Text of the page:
- Review: Blackout
- Series: Newsflesh Trilogy
- Author: Mira Grant
- No of Pages: 560
- Release Date: May 1st, 2010
Rise up while you can. -Georgia Mason
The year was 2014. The year we cured cancer. The year we cured the common cold. And the year the dead started to walk. The year of the Rising.
The year was 2039. The world didn’t end when the zombies came, it just got worse. Georgia and Shaun Mason set out on the biggest story of their generation. They uncovered the biggest conspiracy since the Rising and realized that to tell the truth, sacrifices have to be made.
Now, the year is 2041, and the investigation that began with the election of President Ryman is much bigger than anyone had assumed. With too much left to do and not much time left to do it in, the surviving staff of After the End Times must face mad scientists, zombie bears, rogue government agencies-and if there’s one thing they know is true in post-zombie America, it’s this:
Things can always get worse.
Blackout is the conclusion to the epic trilogy that began in the Hugo-nominated Feed and the sequel, Deadline. — Goodreads
As zombie books go Mira Grant’s Trilogy, Feed, Deadline and Blackout are amazing! I loved the first two and was excited to find out that book 3, Blackout was out this year! These are not your normal zombie books, Mira Grant is a Virologist and has explained exactly why the zombies are here and in the conclusion to the trilogy, Blackout, what, if anything we can do about them. The scariest thing about this trilogy, it’s plausible! Not only plausible, completely and utterly believable.The plot is so riveting multiple times I had to remind myself that it’s just a story, relax, drink some Pepsi, and move on… But I feel so invested in these characters. I want them to succeed and to live happy, LONG lives!
If you have yet to read this book check out my reviews on the first, Feed before you read this! **Review for Deadline, the second in the trilogy is coming soon**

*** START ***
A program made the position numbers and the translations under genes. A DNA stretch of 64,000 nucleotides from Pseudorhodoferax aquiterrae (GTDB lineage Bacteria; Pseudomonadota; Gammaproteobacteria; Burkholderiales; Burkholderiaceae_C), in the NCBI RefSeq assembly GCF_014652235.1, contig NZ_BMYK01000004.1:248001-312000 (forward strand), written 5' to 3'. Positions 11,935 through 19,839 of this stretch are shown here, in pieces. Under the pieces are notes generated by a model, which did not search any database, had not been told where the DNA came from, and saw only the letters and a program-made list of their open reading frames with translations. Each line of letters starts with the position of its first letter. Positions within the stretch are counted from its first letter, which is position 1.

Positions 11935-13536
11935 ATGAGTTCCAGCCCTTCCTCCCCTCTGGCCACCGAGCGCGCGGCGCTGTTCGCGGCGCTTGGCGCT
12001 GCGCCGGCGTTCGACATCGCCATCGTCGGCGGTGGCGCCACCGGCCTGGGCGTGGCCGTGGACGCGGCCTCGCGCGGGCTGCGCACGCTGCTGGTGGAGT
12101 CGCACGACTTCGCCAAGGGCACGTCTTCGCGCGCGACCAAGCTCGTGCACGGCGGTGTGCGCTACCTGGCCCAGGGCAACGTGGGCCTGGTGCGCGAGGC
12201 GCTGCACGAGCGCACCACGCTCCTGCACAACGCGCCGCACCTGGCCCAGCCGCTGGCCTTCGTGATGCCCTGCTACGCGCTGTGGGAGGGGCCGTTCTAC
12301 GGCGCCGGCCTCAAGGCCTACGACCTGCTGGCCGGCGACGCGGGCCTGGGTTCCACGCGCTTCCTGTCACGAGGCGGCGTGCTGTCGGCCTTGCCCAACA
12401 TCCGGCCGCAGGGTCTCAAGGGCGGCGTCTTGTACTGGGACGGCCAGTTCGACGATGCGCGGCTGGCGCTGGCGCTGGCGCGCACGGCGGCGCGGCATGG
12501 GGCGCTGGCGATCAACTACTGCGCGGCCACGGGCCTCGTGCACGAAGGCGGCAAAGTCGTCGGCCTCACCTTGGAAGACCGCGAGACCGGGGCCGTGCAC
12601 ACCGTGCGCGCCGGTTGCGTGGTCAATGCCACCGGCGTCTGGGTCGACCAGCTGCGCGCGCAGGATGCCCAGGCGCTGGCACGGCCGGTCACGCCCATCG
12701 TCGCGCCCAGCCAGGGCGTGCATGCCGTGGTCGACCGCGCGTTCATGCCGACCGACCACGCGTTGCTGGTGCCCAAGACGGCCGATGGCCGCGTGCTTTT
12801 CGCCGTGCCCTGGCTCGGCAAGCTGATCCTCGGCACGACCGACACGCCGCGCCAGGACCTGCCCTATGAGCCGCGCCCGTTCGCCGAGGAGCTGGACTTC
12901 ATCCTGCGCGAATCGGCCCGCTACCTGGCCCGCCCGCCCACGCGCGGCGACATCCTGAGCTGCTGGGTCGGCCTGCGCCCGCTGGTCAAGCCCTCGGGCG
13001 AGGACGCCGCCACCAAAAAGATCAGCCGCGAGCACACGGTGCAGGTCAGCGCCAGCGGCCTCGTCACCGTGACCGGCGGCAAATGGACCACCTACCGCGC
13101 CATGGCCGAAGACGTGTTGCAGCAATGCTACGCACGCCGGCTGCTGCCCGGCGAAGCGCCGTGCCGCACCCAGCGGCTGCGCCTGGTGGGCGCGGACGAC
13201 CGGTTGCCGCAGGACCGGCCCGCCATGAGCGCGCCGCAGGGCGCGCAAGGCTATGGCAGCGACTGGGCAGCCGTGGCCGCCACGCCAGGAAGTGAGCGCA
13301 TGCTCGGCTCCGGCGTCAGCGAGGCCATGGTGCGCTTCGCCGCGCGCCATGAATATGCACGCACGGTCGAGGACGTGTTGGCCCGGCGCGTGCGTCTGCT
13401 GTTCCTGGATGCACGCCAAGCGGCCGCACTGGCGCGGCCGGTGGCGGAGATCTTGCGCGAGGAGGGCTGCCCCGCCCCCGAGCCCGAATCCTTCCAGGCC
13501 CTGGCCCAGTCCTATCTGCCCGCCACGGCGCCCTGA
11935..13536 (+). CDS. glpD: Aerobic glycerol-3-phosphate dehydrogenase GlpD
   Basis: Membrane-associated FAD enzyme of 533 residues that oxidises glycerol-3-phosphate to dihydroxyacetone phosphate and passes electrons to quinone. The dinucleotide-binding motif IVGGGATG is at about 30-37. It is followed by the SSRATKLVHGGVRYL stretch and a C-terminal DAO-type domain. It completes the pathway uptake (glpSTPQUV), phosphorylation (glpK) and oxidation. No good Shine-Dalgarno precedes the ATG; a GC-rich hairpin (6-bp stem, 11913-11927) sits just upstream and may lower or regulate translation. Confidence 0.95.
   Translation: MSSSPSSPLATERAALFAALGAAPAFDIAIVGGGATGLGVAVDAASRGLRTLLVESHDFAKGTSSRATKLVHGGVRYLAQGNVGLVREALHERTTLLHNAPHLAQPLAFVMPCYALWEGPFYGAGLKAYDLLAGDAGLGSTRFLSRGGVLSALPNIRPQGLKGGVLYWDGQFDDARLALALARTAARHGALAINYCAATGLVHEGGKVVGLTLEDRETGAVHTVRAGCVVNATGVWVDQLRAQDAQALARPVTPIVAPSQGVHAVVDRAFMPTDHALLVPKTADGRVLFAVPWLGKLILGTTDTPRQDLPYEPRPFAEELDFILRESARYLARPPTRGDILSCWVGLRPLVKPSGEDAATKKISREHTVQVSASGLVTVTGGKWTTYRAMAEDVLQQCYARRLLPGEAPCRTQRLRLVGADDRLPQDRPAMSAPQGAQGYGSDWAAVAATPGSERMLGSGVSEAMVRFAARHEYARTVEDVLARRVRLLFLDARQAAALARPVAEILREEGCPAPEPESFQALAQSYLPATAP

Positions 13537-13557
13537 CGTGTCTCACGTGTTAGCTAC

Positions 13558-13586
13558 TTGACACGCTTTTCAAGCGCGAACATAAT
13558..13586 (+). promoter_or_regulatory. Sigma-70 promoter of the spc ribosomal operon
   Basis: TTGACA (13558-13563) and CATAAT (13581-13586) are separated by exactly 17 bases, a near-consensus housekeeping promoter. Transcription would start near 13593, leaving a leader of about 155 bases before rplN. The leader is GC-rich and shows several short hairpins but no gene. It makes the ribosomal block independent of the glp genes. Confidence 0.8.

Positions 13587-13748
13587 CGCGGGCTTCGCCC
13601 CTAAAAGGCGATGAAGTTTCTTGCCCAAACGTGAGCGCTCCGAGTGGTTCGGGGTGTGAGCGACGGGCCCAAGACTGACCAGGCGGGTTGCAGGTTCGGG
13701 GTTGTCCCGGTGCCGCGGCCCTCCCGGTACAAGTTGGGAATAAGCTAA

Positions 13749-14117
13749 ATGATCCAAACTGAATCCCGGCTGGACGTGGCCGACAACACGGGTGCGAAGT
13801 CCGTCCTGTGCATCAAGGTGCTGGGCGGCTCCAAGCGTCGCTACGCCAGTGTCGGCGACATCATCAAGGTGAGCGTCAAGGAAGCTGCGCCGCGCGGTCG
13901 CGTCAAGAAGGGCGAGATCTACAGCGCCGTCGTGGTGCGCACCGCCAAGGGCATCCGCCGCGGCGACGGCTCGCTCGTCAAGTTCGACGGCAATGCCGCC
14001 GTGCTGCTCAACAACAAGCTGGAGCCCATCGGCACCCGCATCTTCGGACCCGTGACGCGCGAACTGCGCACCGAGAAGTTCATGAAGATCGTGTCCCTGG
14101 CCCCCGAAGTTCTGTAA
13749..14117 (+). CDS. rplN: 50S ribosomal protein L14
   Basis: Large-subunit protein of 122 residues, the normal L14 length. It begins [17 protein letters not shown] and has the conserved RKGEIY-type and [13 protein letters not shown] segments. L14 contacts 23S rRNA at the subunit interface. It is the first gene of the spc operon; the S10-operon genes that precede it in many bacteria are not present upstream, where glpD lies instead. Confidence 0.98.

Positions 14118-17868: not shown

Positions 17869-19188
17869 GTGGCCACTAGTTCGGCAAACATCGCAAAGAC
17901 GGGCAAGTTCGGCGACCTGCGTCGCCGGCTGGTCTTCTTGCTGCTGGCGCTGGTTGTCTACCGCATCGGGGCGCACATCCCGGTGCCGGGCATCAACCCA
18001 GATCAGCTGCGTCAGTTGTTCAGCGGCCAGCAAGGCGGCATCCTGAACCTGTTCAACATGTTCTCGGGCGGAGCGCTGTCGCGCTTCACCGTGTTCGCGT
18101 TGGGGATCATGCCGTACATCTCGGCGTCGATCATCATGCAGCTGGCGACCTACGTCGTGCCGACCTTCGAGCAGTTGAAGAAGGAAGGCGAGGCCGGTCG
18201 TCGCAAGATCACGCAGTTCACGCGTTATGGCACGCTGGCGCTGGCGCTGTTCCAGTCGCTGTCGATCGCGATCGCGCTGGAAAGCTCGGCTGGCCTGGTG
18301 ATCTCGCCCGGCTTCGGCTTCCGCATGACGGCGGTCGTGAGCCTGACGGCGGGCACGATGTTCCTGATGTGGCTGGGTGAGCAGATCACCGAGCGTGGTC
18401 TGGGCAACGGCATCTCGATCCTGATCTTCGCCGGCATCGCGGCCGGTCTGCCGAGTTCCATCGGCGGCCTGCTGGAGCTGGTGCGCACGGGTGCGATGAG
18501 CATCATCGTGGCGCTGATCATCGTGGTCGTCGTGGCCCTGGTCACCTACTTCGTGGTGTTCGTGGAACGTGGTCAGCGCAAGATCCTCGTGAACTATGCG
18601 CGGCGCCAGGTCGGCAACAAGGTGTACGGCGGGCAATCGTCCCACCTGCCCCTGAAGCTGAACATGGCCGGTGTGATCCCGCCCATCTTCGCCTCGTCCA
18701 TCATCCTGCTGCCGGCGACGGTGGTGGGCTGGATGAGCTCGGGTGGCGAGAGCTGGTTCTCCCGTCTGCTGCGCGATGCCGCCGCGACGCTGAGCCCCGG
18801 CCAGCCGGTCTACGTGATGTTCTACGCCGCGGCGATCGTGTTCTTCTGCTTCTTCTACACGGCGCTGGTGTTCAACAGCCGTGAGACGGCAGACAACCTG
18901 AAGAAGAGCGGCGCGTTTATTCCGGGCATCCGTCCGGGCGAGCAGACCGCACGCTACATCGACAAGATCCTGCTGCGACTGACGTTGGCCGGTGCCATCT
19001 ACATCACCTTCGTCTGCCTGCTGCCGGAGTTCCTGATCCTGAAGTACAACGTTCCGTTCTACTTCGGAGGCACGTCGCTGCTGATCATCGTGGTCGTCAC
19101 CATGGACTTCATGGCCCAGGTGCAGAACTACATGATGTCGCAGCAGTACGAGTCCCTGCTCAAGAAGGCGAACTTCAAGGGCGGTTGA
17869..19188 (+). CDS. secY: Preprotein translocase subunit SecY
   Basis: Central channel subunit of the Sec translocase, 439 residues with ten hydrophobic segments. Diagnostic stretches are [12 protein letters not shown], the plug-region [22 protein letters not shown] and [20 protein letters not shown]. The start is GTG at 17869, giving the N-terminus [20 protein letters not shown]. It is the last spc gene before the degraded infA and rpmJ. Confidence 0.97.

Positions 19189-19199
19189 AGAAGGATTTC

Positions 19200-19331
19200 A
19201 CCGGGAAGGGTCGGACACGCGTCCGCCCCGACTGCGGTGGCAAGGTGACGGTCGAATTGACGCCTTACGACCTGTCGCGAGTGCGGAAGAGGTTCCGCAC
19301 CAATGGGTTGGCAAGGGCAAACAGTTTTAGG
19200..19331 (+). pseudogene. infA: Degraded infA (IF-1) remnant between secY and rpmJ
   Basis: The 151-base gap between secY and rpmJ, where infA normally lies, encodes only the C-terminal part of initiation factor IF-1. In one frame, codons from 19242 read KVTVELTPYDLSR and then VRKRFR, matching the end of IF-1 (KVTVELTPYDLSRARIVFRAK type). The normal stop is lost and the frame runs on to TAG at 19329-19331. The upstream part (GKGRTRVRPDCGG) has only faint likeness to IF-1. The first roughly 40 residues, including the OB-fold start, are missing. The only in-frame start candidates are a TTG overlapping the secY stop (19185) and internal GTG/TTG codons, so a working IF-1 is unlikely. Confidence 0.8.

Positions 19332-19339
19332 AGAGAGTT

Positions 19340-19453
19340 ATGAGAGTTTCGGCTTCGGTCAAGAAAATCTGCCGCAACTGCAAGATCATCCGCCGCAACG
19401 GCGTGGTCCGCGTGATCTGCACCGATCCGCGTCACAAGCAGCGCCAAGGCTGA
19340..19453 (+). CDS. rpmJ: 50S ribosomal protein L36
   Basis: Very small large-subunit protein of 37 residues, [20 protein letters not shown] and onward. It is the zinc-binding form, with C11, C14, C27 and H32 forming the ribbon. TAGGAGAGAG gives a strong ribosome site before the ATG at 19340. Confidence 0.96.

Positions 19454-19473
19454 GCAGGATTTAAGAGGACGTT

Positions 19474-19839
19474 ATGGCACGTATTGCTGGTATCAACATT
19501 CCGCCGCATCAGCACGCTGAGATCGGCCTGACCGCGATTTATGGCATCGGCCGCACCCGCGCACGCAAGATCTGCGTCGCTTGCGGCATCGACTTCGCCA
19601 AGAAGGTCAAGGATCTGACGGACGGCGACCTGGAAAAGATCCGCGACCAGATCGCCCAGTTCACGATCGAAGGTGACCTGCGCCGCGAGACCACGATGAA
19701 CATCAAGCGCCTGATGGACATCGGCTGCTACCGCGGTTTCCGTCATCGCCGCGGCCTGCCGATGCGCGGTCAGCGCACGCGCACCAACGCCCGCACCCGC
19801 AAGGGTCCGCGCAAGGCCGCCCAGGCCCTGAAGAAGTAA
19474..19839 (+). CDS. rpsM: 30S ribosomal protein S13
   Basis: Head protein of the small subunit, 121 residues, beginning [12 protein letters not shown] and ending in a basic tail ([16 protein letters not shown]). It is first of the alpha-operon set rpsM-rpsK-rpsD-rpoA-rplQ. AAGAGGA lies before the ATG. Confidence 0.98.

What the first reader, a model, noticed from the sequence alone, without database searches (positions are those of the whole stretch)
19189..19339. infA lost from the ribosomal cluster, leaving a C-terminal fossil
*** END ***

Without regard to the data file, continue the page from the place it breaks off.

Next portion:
We quickly realize at the end of Deadline that Georgia has come back to life, not as a zombie this time but as a clone. And a jailed clone at that, stuck in the CDC, with nothing that is personal and more importantly no one she can truly trust. But the CDC only brought her 97% of the way back to Georgia, so she’s having an identity crisis. She’s not the “Georgia” but she has most of her memories. She knows the Doctors she sees on a daily basis are keeping things from her and even when a few of them do start to give her some information, she is left wondering who the best ally really is.
In Blackout, we continue with Shaun Mason, who carried on in Deadline after his sister’s death. Shaun has decided that revenge is the greatest pleasure, although he doesn’t get any kind of satisfaction in being an Irwin, he looks forward to the day when he can just sit down and all the conspiracy theories are over, if he’s dead at that point, oh well. He’s gone full fledged over the edge and is talking to an imaginary Georgia, but his team will still completely back him, at least until he gets them all killed. Just when you think everyone is getting comfortable, all hell breaks loose, there is no time for sitting still. Dr. Abbey wants to put Shaun into more danger since he is immune to Kellis-Amberlee. So, off the team goes, yet again to discover more conspiracy theories, run for their lives and try to save the world.
Blackout again is in first person and Mira Grant does an amazing job of switching between Georgia and Shawn so we can see through their eyes.This never got confusing, was masterfully done. The plot was fast and sadly I think the only downside to it all is that the trilogy is over. I know I will reread this! The plot never slowed down but it definitely picked up about halfway and I suggest you get ready for a roller coaster ride! We already know that Mira Grant will pull out all the stops since she’s already killed two beloved characters, Buffy and Georgia. Getting to the end of Blackout though, is just half of the fun. Getting to be with all of the characters again was amazing and definitely worth the time it takes to read this.
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